150 connections to that server without warning pop-up screens (unless the browser is configured in a different manner). When clicking the link to install the CA certificate, the browser will pop up a screen asking if the user wants to accept this new CA. Figure 25 shows such a pop-up screen from Netscape Communicator. Figure 25. Accepting a new CA The user can keep on clicking the Next> button to look at more screens. In one of these screens, the user can choose to look at the CAs certificate and decide if this CA can be trusted and added to the browser s trust list. Another screen asks the user for the purpose of this CA as shown in Figure 26 on page Deploying a Public Key Infrastructure

151 Figure 26. Selection of purposes for new CA The user should choose the options that are applicable to him or her, most likely the ones shown in Figure 26. After a few more pop-up screens, the user mayclickthefinish button to eventually add this CA certificate to the browser, or click Cancel if he or she does not want to trust this CA. Still on the same Web page, there is a dialog box at the bottom as shown in Figure 27. Figure 27. Enroll for a browser certificate in the enrollment Web page The three available enrollment types (see Figure 27) are: Chapter 6. IBM SecureWay Trust Authority 135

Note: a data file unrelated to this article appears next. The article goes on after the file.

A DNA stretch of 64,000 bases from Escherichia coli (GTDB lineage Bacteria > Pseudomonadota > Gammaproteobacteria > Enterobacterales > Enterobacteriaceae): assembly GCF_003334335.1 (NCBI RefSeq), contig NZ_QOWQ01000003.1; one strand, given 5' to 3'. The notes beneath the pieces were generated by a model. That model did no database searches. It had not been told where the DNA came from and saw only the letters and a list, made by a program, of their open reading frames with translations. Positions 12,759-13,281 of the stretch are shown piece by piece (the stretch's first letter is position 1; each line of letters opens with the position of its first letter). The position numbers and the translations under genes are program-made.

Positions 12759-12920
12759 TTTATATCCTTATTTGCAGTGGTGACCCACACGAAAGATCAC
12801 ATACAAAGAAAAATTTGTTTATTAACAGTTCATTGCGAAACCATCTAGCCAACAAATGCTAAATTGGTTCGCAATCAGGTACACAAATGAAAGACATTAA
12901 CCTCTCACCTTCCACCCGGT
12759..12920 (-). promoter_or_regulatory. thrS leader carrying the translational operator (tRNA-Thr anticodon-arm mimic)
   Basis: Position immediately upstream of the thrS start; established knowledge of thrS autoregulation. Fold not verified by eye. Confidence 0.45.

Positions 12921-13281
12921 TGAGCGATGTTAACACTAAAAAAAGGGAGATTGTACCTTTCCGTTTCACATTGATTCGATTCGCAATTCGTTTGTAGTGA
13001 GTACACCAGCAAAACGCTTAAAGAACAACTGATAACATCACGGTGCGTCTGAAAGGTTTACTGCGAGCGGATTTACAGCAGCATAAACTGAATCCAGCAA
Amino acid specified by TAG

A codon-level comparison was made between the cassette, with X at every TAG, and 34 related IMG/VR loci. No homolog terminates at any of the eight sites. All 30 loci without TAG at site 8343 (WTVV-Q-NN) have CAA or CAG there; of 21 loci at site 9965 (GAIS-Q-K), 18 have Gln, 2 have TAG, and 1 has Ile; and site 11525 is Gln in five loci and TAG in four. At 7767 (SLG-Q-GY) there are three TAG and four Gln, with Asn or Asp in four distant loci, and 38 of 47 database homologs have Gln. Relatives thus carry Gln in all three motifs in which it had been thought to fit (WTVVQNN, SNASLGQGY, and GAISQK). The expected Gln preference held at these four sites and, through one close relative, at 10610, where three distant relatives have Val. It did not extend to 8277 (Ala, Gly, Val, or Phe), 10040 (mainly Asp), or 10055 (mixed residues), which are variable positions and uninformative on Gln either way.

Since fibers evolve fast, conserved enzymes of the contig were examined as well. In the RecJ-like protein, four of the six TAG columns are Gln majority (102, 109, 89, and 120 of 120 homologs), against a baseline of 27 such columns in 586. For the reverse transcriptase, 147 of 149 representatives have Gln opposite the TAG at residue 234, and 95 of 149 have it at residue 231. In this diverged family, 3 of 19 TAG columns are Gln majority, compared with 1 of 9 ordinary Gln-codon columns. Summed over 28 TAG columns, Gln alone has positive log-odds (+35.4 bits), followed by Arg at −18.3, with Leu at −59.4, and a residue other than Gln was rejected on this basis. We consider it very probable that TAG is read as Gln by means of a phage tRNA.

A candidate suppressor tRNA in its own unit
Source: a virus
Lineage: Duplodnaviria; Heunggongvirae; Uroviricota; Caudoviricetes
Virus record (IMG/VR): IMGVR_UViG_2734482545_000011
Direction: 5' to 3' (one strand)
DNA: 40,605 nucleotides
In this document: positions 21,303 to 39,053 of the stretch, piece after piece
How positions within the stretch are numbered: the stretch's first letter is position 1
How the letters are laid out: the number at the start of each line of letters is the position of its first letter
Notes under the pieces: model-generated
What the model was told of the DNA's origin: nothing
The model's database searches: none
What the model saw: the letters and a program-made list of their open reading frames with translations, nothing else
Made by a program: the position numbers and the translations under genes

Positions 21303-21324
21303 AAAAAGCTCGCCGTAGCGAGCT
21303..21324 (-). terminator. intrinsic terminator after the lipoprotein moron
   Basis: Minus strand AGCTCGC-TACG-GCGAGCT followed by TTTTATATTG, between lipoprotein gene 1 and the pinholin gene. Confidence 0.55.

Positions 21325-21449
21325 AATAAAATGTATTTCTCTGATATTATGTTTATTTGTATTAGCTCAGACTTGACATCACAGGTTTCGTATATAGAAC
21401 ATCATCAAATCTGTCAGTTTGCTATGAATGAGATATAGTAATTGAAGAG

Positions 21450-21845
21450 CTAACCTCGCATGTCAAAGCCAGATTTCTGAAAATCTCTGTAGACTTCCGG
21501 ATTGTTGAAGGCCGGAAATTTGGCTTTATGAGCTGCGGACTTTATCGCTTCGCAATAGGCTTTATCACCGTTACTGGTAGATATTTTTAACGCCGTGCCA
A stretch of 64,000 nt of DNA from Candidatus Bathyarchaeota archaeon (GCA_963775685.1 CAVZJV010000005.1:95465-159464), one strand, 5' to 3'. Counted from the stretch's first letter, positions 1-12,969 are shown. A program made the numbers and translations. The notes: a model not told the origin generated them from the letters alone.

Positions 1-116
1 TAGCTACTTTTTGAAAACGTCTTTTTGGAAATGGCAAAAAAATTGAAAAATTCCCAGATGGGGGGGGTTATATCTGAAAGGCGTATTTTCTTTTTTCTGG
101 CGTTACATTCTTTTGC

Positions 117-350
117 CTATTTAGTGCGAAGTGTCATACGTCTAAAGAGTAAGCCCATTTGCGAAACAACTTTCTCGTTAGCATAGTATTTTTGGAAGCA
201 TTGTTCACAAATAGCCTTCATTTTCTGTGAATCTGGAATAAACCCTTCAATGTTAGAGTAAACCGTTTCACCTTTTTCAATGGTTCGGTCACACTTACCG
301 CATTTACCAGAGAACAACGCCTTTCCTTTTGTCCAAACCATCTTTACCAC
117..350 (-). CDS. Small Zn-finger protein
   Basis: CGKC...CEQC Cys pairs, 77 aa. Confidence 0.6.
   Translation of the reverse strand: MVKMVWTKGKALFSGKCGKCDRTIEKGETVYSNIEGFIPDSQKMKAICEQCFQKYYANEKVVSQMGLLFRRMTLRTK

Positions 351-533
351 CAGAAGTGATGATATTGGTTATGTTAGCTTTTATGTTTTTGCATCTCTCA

152 Browser Certificate To enroll for a Web browser (SSL) certificate that enables a user to authenticate to a Web server by using this certificate if client authentication is required. Server or Device Certificate To enroll for a server or device certificate. By default, a server or device certificate must be approved by an RA administrator. Certificate Preregistration To place a preregistration of any type of certificate. As with server or device certificates, an RA administrator will need to approve preregistration requests, unless configured for auto-approve. Depending on the selected enrollment type as explained above, the second selection list in Figure 27 on page 135 offers two or four possible actions: Enroll To enroll for any of the enrollment types. This is the first action a user would normally choose to request (enroll for) a certificate. Check Status To check the status of an earlier enrollment. On the subsequent page, the user will have to enter a request ID and, optionally, a challenge response to identify a request of which the status is being checked. Both, the request ID and the challenge response, must have been obtained from a previous enrollment. Renew To renew a browser certificate. When selecting this action, client authentication will be initiated, requesting the user to present a certificate. This will be the certificate to be renewed on the subsequent page. Revoke To revoke a browser certificate. As for renewal, a client authentication process identifies the user s certificate that needs to be revoked. The subsequent page presents some information for verification and allows the user to revoke his or her certificate by a click with the mouse Requesting a certificate Let us assume in the following the user is about to enroll for a new browser certificate, thus selecting Browser Certificate and Enroll in the dialog shown in Figure 27 on page 135. After clicking OK, the certificate enrollment form appears. Note that this is now a secure HTTPS connection to the RA server. The enrollment form is a default form provided with Trust Authority that can be customized to meet special requirements. On that form, the user can select from a list of applicable certificate types (browser or , one or two years expiration period) and fill in the required and optional information. For example, an optional challenge question with a response that only the user knows can be entered in order to increase the security when dealing with this 136 Deploying a Public Key Infrastructure